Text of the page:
Safety Procedures

Lab safety rules help create a safe environment in which to work and learn.

Read the Flinn Scientific Safety Contract for Students for detailed laboratory safety considerations. This is important information to remember in order to keep you, your instructor(s), and your fellow students safe while working in a science laboratory.

Safety Information

Why should you care about safety anyway?

Safety rules are established to protect everyone from accidents or injuries. They are usually written as a result of an accident or injury that happened to someone.

Example 1: Why can't I wear my sandals in the lab?

image of feet with chemical burns from wearing flip-flops


This student did not have on proper shoes while using chemicals in the lab. The accident resulted in second degree chemical burns to the feet.




Source: Kerry's Feet, The Consumerist, Flickr


Example 2:

man on ladder in pool using power tools


Yes . . . This is a REAL picture! Can you list the safety rules and symbols he probably missed on his safety quiz?

In your notes, list the safety violations you see in the picture above.





Source: Safety Ladder in Pool, Orange County Register

Safety Rules

Lab safety rules can be different depending on which area of science you are studying.  Here is a list of some of the different rules that apply to different areas of science.

General Safety Rules

  • Follow all instructions!
  • Never perform activities without the approval and supervision of the teacher.
  • Absolutely no horseplay!
  • Do not eat or drink in the laboratory.
  • Keep work areas clean and free of papers.
  • Wear appropriate clothing. No open-toed shoes or loose clothing.

Glassware Safety

  • Do not use chipped or broken glassware. Never handle broken glassware with your bare hands. Hot and cold glass looks the same!
  • Use tongs or clamps to handle heated glassware.
  • Never point a test tube toward yourself or another person
  • Keep work areas clean and free of papers.

Animal and Plant Safety

  • Do not perform experiments that cause harm or pain to animals.
  • Inform your teacher of any allergies to plants, molds or animals before doing an activity.
  • Wash your hands after handling animals, animal parts, plants, plant parts or soil.

Using Sharp Instruments

  • Handle sharp instruments with care.
  • Never cut material towards you; cut away from you.

Heating and Fire Safety

  • Keep all combustible materials away from flames.
  • Do not heat substances in a closed container.
  • Use an oven mitt to pick up a container that has been heated. 

First Aid

  • Report all accidents to your teacher, no matter how small or minor you think it is.
  • Know where these are located: First-Aid Kit, Fire Extinguisher, Fire Blanket, Eye Wash Station, and Emergency Shower.

After the Experiment

  • Clean up your work area.
  • Unplug all electrical appliances.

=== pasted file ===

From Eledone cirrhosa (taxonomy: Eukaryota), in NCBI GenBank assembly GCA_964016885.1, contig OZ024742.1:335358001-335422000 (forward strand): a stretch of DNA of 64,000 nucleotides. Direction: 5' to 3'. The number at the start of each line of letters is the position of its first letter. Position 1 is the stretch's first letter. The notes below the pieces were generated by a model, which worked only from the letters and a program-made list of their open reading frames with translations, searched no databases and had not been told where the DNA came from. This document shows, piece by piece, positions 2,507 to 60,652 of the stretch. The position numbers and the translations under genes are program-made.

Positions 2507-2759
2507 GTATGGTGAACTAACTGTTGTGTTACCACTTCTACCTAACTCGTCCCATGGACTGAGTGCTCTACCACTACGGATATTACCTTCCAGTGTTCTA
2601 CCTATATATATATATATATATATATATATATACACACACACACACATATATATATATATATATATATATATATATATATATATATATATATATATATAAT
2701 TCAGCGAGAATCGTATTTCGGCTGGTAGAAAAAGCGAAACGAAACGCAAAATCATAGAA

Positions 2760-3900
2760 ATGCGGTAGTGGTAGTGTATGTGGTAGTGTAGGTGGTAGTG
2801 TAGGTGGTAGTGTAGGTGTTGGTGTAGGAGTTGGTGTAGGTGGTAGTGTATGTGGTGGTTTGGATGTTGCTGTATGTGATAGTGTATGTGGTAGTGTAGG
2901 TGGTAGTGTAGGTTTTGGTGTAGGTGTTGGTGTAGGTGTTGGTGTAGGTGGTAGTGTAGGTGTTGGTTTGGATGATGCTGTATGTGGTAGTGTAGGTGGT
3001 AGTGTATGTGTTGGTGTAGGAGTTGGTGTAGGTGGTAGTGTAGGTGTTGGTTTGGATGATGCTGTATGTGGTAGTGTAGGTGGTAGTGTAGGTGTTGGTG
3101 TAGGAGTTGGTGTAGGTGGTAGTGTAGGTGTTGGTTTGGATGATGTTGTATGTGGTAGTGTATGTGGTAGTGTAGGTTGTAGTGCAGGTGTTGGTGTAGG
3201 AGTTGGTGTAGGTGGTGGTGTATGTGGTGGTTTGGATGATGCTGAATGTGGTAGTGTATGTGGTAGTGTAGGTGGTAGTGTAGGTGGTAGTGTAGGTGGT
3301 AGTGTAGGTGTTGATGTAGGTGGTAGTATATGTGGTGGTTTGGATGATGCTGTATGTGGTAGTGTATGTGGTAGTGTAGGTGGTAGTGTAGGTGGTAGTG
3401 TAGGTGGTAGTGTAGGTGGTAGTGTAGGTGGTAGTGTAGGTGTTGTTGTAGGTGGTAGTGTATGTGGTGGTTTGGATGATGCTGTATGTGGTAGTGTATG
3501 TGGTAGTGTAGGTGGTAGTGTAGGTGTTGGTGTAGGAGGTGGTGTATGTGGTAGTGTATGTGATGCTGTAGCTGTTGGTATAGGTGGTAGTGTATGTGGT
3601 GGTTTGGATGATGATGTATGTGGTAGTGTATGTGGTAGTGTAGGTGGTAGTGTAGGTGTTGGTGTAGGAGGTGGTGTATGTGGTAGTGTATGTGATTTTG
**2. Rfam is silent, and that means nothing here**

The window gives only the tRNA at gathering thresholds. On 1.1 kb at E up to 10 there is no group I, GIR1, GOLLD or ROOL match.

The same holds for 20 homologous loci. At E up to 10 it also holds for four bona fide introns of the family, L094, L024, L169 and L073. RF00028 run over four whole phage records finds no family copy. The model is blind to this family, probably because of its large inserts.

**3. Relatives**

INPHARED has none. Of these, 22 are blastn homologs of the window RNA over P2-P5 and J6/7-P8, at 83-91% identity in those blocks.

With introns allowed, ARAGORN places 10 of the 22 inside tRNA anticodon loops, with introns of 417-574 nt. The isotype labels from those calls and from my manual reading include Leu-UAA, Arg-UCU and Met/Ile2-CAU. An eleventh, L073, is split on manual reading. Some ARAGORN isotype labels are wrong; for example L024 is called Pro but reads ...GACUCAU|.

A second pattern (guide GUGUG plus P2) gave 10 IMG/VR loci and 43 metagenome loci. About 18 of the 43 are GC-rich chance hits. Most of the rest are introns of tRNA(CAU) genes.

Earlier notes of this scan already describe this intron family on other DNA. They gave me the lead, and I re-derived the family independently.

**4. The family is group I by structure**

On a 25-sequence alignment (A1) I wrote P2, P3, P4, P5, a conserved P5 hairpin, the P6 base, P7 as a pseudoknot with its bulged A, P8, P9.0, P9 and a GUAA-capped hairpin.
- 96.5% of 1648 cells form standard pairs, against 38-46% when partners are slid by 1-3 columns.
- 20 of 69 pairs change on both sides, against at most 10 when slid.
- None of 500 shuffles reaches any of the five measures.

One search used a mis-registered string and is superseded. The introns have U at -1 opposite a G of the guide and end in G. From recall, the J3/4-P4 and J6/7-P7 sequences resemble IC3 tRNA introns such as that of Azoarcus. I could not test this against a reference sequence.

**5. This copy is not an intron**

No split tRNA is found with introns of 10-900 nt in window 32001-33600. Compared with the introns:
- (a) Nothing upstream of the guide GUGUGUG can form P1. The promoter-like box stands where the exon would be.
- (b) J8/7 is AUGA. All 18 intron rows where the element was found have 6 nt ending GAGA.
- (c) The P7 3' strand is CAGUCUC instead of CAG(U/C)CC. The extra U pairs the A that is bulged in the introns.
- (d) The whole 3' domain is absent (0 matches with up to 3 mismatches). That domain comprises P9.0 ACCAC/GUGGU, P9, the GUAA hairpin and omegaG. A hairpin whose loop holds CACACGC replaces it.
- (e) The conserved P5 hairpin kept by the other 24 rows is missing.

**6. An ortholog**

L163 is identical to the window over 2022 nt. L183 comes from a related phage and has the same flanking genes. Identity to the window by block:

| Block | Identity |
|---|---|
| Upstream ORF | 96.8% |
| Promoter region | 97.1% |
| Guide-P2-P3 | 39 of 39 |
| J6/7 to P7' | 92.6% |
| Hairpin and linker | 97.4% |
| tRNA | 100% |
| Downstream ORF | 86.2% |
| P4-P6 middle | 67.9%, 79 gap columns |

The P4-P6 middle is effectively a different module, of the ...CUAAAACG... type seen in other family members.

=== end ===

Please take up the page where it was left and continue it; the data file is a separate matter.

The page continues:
• Dispose of wastes as instructed by your teacher.
  • Wash your hands after every experiment.

Chemical Safety

  • Do not directly inhale chemicals. Waft them gently under your nose.
  • Never touch, taste, or smell chemicals unless a teacher tells you to.
  • Use only the chemicals needed. Keep all 8 containers closed when not being used.
  • Dispose of chemical as instructed by your teacher.
  • When mixing acids and bases, always pour the acid into the water. Do not pour water into an acid.
  • Wash chemical spills with plenty of water.
  • Keep all containers closed when not being used.


Safety Symbols and Labels

Directions: This is a brief overview of some of the most common safety symbols and labels that you might be asked to interpret. Drag and drop the correct label that matches with the safety symbol and meaning.

Images used for the exercise above as they appear, top to bottom:
Biohazard symbol,
Flammable symbol, Warning Signs Direct
Poison symbol, Wordpress
Dangerous for the environment symbol, Warning Signs Direct
NFPA label, Compliance Signs
Sharp objects symbol, Science with Sandy
Eye protection required symbol,
Corrosive materials symbol,
Hand protection required symbol,
>Hazardous fumes symbol, Science with Sandy
High voltage warning sign,

Lesson Review

Below is an illustration of students working in a science lab. Notice that each student has been labeled with a letter from the alphabet.

In your notes:

  1. List the unsafe lab behaviors you can identify in this picture. Explain why that behavior would be considered unsafe. Use the letter of the alphabet that corresponds with the student(s) that are exhibiting unsafe behavior.
  2. List the safe lab behaviors you can identify in this picture. Explain why that behavior would be considered safe. Use the letter of the alphabet that corresponds with the student(s) that are exhibiting safe behavior.

Image of Classroom with Safe and Unsafe Lab Practices



View unsafe lab behaviors or practices.


View safe lab behaviors or practices.